Intel® Parallel Composer 2011 XE contains sample programs for C, C++ and Fortran that can be used to learn the analysis tools included in Intel Parallel Studio 2011 XE. This article will walk through the process of playing with Intel Inspector XE by making use of one of those sample codes. First, let's find out what sample programs are available. The default install location for Intel Composer XE is /opt/intel/, wherein a directory specific to the installed version will be created, and to which a set of symbolic links will be directed from /opt/intel/composerxe. Visiting this latter directory, I follow the links through Samples/en_US/Fortran (outside the US your path may vary) to discover a collection of projects:
The directory "openmp_samples" is a tantalizing prospect for inspection, but we best not try to play with it here inside the install directory, where we may or may not have permission to create new files. Instead, I'll copy the contents (a single file called openmp_sample.f90) into a directory inside my home directory (say, ~/projects/ompsample).
To compile this, using a bash shell, I first source the environment to let me run the compiler in my project directory:
[shell] . /opt/intel/composerxe/bin/compilervars.sh intel64[/shell]
(specifying the intel64 argument to indicate I want to use the 64-bit version of the compiler). In the source file is the advice to use a couple switches for compiling it:
To prepare the program for inspection, I add one argument to the compile ("-debug") and also in my bash shell I source the script that will add Intel Inspector XE to my PATH:
[shell] [~/projects/ompsample] $ ifort -debug -openmp -fpp -o openmp_sample openmp_sample.f90 [~/projects/ompsample] $ . /opt/intel/inspector_xe_2011/inspxe-vars.sh Copyright (C) 2009-2011 Intel Corporation. All rights reserved. Intel® Inspector XE 2011 (build 147581) [~/projects/ompsample] $ inspxe-gui [/shell]
The last step of course launches Intel Inspector XE:
This first time in I'll construct a project to hold the inspection results, and set up that project to launch openmp_sample itself:
I’ll create the project in my source code directory:
I’ll call the project ompsample:
The only property I need to identify is the Application:
Then I’m ready to collect a result:
From among the available analyses, I choose to locate deadlocks and data races and at this point all I need to do is hit Start.
The dials whirl, the machine runs, and the tool keeps updating its progress as the data are collected and post-processed:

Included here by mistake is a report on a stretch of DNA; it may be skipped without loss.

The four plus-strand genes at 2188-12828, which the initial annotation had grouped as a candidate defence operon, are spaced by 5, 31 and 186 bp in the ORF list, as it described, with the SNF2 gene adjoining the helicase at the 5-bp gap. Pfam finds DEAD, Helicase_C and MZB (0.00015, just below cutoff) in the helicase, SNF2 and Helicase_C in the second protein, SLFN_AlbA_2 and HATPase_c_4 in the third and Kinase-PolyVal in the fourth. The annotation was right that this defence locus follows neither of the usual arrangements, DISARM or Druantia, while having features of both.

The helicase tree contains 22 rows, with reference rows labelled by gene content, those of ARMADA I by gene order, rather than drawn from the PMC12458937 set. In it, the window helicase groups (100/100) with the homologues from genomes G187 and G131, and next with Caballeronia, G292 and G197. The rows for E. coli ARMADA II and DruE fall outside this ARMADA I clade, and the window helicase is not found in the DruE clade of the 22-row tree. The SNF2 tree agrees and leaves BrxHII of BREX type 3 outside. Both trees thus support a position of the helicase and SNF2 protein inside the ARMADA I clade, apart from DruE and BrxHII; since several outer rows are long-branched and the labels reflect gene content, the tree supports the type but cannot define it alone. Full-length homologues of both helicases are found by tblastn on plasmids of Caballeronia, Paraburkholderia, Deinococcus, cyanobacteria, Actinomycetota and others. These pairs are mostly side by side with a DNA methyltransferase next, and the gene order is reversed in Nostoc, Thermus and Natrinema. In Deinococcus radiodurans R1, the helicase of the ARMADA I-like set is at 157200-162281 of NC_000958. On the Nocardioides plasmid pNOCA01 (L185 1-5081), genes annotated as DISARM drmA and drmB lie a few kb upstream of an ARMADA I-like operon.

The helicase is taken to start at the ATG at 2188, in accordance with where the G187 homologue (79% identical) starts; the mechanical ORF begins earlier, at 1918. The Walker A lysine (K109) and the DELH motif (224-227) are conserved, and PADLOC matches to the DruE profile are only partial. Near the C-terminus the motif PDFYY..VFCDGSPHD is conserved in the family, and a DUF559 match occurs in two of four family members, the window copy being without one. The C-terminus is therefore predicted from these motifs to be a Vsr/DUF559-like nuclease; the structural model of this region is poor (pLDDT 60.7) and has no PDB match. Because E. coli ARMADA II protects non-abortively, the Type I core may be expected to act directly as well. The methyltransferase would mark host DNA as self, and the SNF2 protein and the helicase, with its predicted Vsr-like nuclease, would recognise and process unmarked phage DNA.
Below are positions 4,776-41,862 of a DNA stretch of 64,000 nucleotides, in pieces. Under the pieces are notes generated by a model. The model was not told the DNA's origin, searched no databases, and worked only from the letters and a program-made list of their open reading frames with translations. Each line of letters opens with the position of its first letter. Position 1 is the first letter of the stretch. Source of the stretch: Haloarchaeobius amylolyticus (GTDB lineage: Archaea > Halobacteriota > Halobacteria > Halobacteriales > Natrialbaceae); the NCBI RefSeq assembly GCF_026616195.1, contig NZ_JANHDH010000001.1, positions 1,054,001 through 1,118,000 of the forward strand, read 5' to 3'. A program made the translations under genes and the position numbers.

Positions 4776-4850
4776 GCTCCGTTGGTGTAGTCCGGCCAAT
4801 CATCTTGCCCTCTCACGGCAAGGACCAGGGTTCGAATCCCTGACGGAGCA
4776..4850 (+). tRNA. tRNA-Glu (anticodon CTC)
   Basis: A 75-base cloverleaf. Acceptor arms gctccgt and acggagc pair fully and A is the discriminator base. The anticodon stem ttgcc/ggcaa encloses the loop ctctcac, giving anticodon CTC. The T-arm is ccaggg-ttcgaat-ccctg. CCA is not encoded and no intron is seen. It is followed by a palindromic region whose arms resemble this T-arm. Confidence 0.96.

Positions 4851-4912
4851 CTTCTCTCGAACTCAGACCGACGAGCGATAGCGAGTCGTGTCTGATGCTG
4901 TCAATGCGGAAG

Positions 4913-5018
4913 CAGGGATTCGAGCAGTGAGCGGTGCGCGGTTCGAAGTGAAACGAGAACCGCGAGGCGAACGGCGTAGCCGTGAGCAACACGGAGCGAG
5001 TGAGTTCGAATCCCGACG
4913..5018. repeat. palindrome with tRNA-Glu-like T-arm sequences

eventually producing a result:
And a surprising result it is. Intel Inspector XE appears to find a data race in the OpenMP directives used to parallelize the main loop in this sample. We’ve already analyzed this and discovered there really was a problem in the OpenMP runtime library, a race condition on a loop variable that should have been marked “private.” It is a benign race, all threads rushing to set the same, unchanging value for the suspect variable. While it is a bug in the compiler, it is not something that should cause any code to malfunction, and even this will be fixed in a future release.
But since we're here, we might as well take advantage of this to show another feature of Intel Inspector XE, a way to tell the tool to ignore these signatures because we've already identified them, using a feature called private suppression. In the window above I'll right-click over the first of the observations in this problem report:
Selecting the Suppress menu item produces a private suppression rule:
When I hit Create the rule is added to the list and the problem report is updated appropriately:
Please note: a little care must be taken here. Sometimes a problem set may require multiple rules in order to completely suppress it. Note that suppressing the first of the three observations marks out off second observation but not the third:
To solve that I apply a second suppression directly to observation X3:
With both suppressions in place, I rerun the same inspector, now getting a different result:
(I’ve adjusted the placement of this text to save some space (normally centered in a large pane), but the text is what you should see.)
So this means I should take care to maintain my list of suppressions to remove the clutter that might obscure new observations representing meaningful errors in my code while selectively removing suppressions whose underlying problems have been fixed (either by user source changes or as the result of a tool/library update). Intel Inspector XE provides such a place for managing suppressions, the table below that appears in the project properties:
Intel® Inspector XE provides the features to discover bugs in memory and thread use for Fortran users as we have demonstrated here using one of the sample codes that ships with the compiler. Try it, on this or some other application.